Starting with the North Wagon Gate. It was constructed from hand-cut sandstone in 1866.
They built the North and South Cell Blocks around it. And lastly the iconic 4 floor Administration tower. To house administration and the Warden’s office. The crown of West Virginia Penitentiary.
All was completed in 1876.
Torture of Inmates
10 years later stories of inhumane punishment was told to newspapers like the Cincinnati Enquirer. Former Assistant Superintendent Wilkerson had seen enough. After leaving he exposed accounts of violence done on inmates.
Interview about torture from the Cincinnati Enquirer – –
Reporter, “Did you ever see any of the prisoners treated cruelly?”
Wilkerson, “Yes I have. I have seen men hauled up for being short in tasks and beaten so brutally the sight made me sick.”
He talked about the “Kicking Jenny”
An inmate bent over a small table with his arms and legs stretched out and secured to large blocks on the floor. This skin tightened increasing the damage from every strike of a guard’s whip.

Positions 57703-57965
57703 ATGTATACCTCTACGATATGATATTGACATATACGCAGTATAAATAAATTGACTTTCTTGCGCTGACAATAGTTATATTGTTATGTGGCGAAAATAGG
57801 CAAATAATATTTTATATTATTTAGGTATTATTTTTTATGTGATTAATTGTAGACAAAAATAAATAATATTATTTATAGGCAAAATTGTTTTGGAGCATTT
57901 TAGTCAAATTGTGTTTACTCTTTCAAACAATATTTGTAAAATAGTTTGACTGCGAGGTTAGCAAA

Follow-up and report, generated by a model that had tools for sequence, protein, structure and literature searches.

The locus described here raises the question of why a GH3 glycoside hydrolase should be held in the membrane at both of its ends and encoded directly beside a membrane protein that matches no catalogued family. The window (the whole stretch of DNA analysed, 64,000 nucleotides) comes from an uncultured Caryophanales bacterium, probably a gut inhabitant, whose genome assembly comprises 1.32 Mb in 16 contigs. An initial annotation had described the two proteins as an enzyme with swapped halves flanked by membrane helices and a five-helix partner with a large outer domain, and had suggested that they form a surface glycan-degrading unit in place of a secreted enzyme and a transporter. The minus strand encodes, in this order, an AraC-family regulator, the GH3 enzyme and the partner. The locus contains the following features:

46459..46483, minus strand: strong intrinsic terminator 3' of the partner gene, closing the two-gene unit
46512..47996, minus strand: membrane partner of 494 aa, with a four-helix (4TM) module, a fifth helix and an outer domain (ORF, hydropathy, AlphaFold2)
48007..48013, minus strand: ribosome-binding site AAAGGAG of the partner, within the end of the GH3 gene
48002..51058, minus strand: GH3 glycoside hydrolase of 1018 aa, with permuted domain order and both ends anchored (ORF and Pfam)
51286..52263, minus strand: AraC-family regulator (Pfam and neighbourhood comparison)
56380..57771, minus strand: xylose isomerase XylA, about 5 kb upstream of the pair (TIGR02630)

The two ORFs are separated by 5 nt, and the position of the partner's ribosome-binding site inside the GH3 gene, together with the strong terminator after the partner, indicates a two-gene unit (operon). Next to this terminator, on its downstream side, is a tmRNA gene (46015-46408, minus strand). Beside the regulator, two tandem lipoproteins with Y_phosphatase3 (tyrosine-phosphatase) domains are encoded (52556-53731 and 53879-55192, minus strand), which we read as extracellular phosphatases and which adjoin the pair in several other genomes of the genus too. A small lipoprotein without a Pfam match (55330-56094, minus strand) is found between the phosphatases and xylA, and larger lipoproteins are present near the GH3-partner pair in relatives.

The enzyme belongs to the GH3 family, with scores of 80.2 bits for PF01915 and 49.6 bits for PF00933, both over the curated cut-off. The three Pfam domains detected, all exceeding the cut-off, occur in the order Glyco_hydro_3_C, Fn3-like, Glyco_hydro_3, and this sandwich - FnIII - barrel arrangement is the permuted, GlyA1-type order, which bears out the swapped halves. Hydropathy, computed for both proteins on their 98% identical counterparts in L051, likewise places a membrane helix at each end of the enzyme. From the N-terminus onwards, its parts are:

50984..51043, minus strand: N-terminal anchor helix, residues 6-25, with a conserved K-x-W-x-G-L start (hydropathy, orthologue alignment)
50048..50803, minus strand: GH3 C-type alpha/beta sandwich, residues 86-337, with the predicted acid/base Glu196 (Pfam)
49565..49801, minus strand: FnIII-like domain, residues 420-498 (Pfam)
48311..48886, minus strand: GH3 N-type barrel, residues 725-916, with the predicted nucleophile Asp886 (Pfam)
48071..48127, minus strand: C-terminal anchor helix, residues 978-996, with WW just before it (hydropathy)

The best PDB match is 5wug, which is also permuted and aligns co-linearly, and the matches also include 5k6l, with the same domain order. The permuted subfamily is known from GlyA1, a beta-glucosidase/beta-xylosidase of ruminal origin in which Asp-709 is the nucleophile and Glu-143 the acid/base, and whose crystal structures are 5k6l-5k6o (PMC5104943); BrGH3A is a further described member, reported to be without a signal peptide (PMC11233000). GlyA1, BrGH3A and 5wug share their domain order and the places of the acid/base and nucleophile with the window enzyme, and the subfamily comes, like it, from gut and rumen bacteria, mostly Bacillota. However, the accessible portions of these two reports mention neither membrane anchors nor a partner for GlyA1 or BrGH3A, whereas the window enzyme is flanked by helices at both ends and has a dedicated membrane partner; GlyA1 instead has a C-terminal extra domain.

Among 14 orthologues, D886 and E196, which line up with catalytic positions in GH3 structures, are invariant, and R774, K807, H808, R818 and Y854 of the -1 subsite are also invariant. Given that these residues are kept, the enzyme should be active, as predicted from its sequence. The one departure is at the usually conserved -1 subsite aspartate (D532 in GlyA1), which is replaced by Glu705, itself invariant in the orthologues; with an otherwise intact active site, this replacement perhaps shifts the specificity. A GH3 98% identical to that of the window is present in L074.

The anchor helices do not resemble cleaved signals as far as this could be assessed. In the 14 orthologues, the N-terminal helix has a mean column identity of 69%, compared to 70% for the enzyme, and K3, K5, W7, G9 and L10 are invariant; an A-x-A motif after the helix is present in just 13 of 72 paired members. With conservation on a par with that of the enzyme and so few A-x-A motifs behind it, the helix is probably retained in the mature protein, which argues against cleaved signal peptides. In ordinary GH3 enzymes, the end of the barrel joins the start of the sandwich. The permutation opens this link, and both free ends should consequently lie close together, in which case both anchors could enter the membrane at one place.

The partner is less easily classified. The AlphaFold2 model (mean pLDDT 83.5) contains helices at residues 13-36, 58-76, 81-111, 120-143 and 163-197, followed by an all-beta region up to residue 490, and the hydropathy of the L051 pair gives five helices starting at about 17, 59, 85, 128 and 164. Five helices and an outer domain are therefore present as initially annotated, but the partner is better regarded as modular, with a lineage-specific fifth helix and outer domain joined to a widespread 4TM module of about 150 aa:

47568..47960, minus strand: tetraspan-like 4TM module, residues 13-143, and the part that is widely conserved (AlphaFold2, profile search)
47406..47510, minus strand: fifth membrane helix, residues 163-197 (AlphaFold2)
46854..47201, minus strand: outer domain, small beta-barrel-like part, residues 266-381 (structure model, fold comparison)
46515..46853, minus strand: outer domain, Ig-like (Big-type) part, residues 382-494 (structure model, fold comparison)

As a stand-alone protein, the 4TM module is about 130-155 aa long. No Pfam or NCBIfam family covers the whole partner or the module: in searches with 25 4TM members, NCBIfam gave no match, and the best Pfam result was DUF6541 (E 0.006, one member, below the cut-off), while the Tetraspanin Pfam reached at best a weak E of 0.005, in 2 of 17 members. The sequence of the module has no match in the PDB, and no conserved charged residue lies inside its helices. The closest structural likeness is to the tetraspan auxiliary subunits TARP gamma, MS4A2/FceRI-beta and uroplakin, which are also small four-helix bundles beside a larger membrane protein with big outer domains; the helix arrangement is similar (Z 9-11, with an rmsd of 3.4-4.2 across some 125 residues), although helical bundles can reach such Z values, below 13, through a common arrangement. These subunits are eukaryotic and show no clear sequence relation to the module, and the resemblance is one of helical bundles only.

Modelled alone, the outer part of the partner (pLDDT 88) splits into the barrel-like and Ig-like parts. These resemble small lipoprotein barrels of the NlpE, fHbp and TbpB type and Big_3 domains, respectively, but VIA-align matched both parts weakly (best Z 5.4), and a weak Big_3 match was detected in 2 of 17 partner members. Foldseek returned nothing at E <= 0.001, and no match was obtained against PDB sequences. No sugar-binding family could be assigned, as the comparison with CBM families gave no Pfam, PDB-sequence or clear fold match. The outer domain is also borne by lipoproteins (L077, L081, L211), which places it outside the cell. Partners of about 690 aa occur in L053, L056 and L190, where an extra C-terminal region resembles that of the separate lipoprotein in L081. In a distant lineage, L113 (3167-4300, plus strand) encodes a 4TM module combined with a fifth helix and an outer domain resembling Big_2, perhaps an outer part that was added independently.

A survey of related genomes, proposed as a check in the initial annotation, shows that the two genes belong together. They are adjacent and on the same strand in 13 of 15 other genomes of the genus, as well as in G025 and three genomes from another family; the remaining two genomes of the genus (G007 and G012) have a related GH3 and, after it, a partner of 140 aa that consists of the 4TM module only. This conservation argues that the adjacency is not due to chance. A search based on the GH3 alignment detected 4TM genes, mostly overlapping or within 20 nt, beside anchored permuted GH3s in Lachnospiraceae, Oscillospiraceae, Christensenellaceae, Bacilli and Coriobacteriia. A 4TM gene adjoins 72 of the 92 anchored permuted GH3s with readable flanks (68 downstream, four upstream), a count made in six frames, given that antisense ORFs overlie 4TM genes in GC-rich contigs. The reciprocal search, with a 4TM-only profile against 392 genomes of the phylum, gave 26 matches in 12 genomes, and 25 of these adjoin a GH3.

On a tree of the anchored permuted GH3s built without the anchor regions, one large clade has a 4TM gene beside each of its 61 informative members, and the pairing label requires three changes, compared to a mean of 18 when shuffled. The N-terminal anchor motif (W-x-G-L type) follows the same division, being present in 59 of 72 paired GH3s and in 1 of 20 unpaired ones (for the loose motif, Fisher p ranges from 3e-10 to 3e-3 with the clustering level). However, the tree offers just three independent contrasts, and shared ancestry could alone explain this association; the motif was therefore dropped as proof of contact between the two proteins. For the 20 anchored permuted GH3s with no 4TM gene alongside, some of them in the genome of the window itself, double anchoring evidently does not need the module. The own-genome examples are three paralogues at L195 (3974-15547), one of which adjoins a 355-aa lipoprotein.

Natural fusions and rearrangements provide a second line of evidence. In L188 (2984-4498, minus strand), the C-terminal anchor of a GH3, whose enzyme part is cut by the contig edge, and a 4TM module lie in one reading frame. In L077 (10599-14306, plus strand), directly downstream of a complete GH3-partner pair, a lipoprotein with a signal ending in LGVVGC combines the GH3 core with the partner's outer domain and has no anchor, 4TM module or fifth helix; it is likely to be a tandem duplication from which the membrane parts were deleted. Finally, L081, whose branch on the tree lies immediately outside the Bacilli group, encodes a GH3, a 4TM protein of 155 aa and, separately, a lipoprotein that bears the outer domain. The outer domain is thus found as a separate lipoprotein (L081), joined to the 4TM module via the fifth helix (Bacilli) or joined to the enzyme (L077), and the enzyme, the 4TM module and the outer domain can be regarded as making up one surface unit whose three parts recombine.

Wilkerson, “The inmate’s back was a pool of blood when the guard’s strength gave out.”
Then the “Shoo-fly”, or extreme water boarding.
Inmates tied to the floor and a hose turned on their faces. Choking, close to death, then the water stops. Repeated minutes later, again and again until the inmate went insane.
William “Red” Snyder
William “Red” Snyder was a very violent man. Born in 1946. Then starting with arson in his 20’s. Over time escalating. He’d serve time in many prisons.
Released on parole from West Viriginia Penitentiary in 1967. One day later he killed 2 men.